The small North Atlantic island nation of Iceland has recorded what is believed to be its first fatal police shooting of a civilian. The BBC reported that police killed a 59-year-old man who was firing his shotgun out of his apartment in Árbær, a suburb east of Reykjavik, early Monday. The Iceland Review reported that the man had made various threats to his neighbors.
Police evacuated the other residents of the apartment complex for their safety and fired tear gas canisters through the windows of the shooter’s flat in an attempt to subdue him. When this tactic failed, a team of up to 20 officers entered the building, leading to the fatal shooting. They were reportedly backed up by members of the country’s Special Forces, two of whom were injured in the episode. The gunman was taken to a hospital, where he died.
The police have yet to find a motive for the unidentified man’s shooting spree. "Police regret this incident and would like to extend their condolences to the family of the man," National Police Commissioner Haraldur Johannessen told reporters. He added that the incident was “unprecedented” in the country’s history. The government’s state prosecutor will investigate police conduct in the deadly operation.
With a population of about 325,000, Iceland has one of the lowest crime rates in the world, including a near absence of gun violence. But, intriguingly, Icelanders are heavily armed. According to reports, some 90,000 Icelanders – more than one-quarter of the country’s population -- own guns (including, of course, the man who was just killed by police). On a per capita basis, Iceland ranks 15th on the global list of gun ownership rates.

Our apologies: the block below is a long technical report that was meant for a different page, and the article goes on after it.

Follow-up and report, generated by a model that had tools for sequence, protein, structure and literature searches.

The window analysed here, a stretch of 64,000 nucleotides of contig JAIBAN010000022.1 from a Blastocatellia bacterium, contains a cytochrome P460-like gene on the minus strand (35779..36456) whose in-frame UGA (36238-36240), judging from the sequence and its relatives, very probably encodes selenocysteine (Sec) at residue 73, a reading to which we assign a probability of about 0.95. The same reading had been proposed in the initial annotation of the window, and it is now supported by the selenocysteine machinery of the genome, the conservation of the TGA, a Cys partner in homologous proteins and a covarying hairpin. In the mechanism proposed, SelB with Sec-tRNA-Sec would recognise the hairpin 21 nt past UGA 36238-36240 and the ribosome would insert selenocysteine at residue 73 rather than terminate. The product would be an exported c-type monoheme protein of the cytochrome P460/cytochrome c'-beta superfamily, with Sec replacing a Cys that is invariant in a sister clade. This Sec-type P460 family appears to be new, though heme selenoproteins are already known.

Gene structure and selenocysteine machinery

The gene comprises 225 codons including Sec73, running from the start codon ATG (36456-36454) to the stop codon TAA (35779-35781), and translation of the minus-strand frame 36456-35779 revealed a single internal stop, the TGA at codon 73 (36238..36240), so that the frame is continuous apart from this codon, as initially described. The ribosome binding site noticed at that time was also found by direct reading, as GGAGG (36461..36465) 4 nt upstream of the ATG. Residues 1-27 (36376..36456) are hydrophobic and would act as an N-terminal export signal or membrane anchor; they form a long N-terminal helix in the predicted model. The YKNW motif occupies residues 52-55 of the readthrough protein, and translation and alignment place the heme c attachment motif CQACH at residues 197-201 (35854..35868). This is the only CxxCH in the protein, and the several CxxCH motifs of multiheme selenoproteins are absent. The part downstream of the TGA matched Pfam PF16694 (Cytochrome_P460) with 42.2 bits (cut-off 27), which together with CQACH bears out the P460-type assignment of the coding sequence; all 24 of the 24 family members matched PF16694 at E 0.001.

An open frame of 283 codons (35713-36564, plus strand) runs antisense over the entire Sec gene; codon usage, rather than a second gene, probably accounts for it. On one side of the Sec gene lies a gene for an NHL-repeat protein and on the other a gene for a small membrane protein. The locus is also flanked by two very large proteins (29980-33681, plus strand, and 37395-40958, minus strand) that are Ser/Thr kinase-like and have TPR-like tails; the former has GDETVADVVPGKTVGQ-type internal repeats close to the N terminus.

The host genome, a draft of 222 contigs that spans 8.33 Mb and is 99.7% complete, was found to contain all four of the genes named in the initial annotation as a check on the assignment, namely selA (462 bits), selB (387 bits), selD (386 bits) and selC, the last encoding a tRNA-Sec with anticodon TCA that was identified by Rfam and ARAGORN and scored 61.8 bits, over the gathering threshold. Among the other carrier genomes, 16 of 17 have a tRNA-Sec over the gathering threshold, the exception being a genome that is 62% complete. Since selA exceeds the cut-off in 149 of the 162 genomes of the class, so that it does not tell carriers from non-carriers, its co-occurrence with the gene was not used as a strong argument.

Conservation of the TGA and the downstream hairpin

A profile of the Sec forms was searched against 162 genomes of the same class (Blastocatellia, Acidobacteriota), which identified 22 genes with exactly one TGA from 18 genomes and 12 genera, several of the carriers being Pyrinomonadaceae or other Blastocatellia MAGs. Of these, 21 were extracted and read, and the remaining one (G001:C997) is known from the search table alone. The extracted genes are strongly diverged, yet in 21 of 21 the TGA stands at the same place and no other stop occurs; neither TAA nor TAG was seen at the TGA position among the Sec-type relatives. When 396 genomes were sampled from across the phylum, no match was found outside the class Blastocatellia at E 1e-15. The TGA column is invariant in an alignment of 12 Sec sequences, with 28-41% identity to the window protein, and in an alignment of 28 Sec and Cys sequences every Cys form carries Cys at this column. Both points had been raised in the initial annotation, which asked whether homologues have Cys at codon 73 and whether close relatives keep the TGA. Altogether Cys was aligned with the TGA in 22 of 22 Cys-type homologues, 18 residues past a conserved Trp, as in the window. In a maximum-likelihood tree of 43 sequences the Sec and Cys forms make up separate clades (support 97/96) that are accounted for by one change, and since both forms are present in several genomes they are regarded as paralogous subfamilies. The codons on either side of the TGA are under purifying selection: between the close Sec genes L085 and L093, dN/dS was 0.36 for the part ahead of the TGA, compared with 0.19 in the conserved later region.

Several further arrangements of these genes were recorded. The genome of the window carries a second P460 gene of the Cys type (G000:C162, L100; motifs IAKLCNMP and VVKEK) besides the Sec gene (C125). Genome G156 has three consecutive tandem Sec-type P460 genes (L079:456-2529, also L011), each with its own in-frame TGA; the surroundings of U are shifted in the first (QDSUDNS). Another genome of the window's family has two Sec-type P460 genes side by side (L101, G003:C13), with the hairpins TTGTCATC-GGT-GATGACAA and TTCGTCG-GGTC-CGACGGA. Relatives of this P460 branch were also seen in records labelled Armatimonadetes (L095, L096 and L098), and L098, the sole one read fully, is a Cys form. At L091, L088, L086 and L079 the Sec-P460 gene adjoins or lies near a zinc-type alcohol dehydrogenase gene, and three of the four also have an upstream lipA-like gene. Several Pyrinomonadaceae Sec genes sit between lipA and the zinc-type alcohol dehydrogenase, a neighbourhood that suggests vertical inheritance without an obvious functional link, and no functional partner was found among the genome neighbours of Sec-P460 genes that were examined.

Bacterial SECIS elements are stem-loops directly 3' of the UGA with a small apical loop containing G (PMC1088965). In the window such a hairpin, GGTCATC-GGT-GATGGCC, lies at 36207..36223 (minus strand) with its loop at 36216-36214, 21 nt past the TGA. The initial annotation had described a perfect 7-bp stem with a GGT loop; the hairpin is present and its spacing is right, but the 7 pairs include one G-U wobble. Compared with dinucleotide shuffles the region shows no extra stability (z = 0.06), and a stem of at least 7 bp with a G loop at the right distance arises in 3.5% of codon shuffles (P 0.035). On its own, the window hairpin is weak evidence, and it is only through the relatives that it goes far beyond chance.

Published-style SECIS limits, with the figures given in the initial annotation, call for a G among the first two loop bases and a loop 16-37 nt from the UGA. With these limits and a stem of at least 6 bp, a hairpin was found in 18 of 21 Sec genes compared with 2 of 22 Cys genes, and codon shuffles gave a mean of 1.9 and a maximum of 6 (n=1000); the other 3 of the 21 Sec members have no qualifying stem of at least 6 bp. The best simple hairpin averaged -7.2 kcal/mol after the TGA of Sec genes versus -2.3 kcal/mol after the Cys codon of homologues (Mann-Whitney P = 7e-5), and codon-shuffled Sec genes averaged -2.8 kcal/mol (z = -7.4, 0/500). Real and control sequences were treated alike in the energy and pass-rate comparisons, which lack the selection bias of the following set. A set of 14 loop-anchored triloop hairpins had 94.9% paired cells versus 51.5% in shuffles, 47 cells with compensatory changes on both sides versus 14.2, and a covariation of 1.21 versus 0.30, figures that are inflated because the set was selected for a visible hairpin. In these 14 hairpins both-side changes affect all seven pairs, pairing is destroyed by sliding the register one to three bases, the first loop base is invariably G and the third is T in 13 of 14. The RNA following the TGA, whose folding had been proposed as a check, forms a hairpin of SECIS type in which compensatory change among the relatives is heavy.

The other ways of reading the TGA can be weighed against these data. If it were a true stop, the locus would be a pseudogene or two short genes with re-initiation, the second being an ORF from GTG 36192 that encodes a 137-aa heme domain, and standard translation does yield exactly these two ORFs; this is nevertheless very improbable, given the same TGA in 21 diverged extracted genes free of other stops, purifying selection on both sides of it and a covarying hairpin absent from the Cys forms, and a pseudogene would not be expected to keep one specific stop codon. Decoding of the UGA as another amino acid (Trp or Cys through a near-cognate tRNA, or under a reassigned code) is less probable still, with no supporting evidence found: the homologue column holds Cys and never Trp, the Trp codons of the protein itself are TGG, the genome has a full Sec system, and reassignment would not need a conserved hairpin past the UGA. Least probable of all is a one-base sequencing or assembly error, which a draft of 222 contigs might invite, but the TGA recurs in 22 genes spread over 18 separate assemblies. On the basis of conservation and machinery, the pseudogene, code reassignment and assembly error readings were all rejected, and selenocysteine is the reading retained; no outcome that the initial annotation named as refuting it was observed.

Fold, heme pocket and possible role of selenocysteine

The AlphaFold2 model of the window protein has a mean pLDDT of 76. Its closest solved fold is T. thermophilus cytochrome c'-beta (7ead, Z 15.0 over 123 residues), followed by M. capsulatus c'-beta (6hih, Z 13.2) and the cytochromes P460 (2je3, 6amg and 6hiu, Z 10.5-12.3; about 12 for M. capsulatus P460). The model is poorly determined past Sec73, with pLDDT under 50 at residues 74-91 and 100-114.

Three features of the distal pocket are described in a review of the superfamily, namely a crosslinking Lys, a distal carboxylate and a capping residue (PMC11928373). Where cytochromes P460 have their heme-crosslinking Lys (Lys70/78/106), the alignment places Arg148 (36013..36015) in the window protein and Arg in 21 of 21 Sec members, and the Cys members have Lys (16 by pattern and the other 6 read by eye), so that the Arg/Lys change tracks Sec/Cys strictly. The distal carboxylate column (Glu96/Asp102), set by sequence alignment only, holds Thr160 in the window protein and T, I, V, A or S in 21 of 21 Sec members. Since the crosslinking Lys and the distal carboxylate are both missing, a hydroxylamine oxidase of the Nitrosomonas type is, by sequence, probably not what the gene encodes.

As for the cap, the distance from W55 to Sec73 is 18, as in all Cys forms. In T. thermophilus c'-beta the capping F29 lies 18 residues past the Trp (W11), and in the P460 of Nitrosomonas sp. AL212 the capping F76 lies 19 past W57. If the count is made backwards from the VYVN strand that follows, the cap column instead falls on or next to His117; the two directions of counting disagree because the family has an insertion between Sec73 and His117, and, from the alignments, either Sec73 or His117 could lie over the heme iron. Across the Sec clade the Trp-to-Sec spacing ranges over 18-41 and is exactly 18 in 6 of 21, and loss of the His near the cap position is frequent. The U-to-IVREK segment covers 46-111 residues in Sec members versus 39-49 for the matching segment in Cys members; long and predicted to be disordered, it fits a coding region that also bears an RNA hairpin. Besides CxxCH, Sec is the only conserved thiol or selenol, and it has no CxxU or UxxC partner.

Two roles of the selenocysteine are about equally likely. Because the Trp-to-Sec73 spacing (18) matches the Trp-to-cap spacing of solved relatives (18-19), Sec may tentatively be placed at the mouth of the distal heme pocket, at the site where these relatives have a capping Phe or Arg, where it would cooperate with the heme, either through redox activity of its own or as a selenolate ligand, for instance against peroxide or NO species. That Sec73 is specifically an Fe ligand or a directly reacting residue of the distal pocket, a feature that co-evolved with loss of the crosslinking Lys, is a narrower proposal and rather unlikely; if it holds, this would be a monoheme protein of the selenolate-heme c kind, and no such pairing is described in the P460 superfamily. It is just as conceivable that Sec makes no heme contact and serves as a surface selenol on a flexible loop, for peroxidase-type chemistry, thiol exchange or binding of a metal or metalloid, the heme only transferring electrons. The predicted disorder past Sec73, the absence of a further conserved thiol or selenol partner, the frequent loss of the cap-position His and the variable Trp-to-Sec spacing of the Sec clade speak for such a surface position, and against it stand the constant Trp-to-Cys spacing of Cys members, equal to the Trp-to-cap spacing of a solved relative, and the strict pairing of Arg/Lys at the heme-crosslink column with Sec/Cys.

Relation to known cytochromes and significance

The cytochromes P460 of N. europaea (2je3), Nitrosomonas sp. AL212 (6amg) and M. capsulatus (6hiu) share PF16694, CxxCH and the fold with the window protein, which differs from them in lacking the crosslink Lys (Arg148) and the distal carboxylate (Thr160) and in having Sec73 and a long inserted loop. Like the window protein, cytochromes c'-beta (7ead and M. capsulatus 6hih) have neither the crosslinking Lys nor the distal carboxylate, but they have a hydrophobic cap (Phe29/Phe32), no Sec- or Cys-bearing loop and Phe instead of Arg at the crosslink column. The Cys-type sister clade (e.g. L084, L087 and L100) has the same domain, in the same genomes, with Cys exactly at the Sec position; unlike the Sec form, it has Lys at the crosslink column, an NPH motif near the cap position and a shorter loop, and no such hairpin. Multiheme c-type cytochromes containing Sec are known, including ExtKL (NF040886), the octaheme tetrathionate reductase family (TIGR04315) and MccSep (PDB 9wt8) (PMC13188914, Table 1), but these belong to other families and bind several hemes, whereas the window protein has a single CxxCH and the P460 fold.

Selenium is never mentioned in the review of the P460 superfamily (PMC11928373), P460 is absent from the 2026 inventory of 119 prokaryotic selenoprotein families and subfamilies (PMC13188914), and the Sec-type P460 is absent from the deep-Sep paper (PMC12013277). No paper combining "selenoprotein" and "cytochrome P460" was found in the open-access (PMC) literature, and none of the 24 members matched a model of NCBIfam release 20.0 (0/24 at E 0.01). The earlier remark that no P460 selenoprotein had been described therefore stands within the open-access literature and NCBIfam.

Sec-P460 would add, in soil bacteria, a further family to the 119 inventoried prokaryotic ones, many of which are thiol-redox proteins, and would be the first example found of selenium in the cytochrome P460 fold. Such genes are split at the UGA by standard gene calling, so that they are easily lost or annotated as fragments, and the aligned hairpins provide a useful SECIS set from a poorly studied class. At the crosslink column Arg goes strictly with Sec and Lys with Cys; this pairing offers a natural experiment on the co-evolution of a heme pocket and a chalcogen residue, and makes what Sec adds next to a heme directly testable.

But violent crime is virtually nonexistent in this land of Viking descendants, volcanoes and geysers. In 2009, for example, only four gun-related deaths were recorded, including one suicide and one accidental shooting. This could possibly be attributed to strict gun control laws in Iceland -- a national database registers and tracks all guns, and all gun buyers must be licensed by the state to possess firearms.
The Reykjavik Grapevine newspaper noted that the vast majority of weapons in Iceland consist of shotguns and hunting rifles, with very few handguns. Elvar Árni Lund, chairman of the Hunting Association of Iceland, told Iceland Review: “Semi-automatic rifles are banned and handgun ownership is fortunately low, mostly in connection with sharpshooting. Gun ownership in Iceland is mostly for the purpose of hunting and practicing sport.” Regarding the high rate of gun ownership in the island, Lund added: “It shows that we are on the same level as other nations in the Northern Hemisphere. It is in our culture to hunt wild animals.”
Reykjavik Mayor Jón Gnarr is a noted pacifist who has criticized the ceaseless gun violence in the United States.
Gnarr’s anti-violence stance extends into other spheres as well -- for example, he has called for the banning of all military ships from the capital's harbor, and all military airplanes are prohibited from the local airport as part of the mayor's efforts to make the capital a "city of peace" and a "military-free zone.”
Gnarr also wants Iceland -- which has no standing army –-- to quit NATO. "A peaceful and responsible city administration cannot be pleased with an unchanged situation at Reykjavík airport,” he declared in 2010. “The city government asks that the Ministry of Foreign Affairs focus on seeing to it that all military traffic to and from the airport be stopped. Icelanders live by a centuries-old tradition of peace. The nation is peaceful, without an army, and strives to support peace in the world."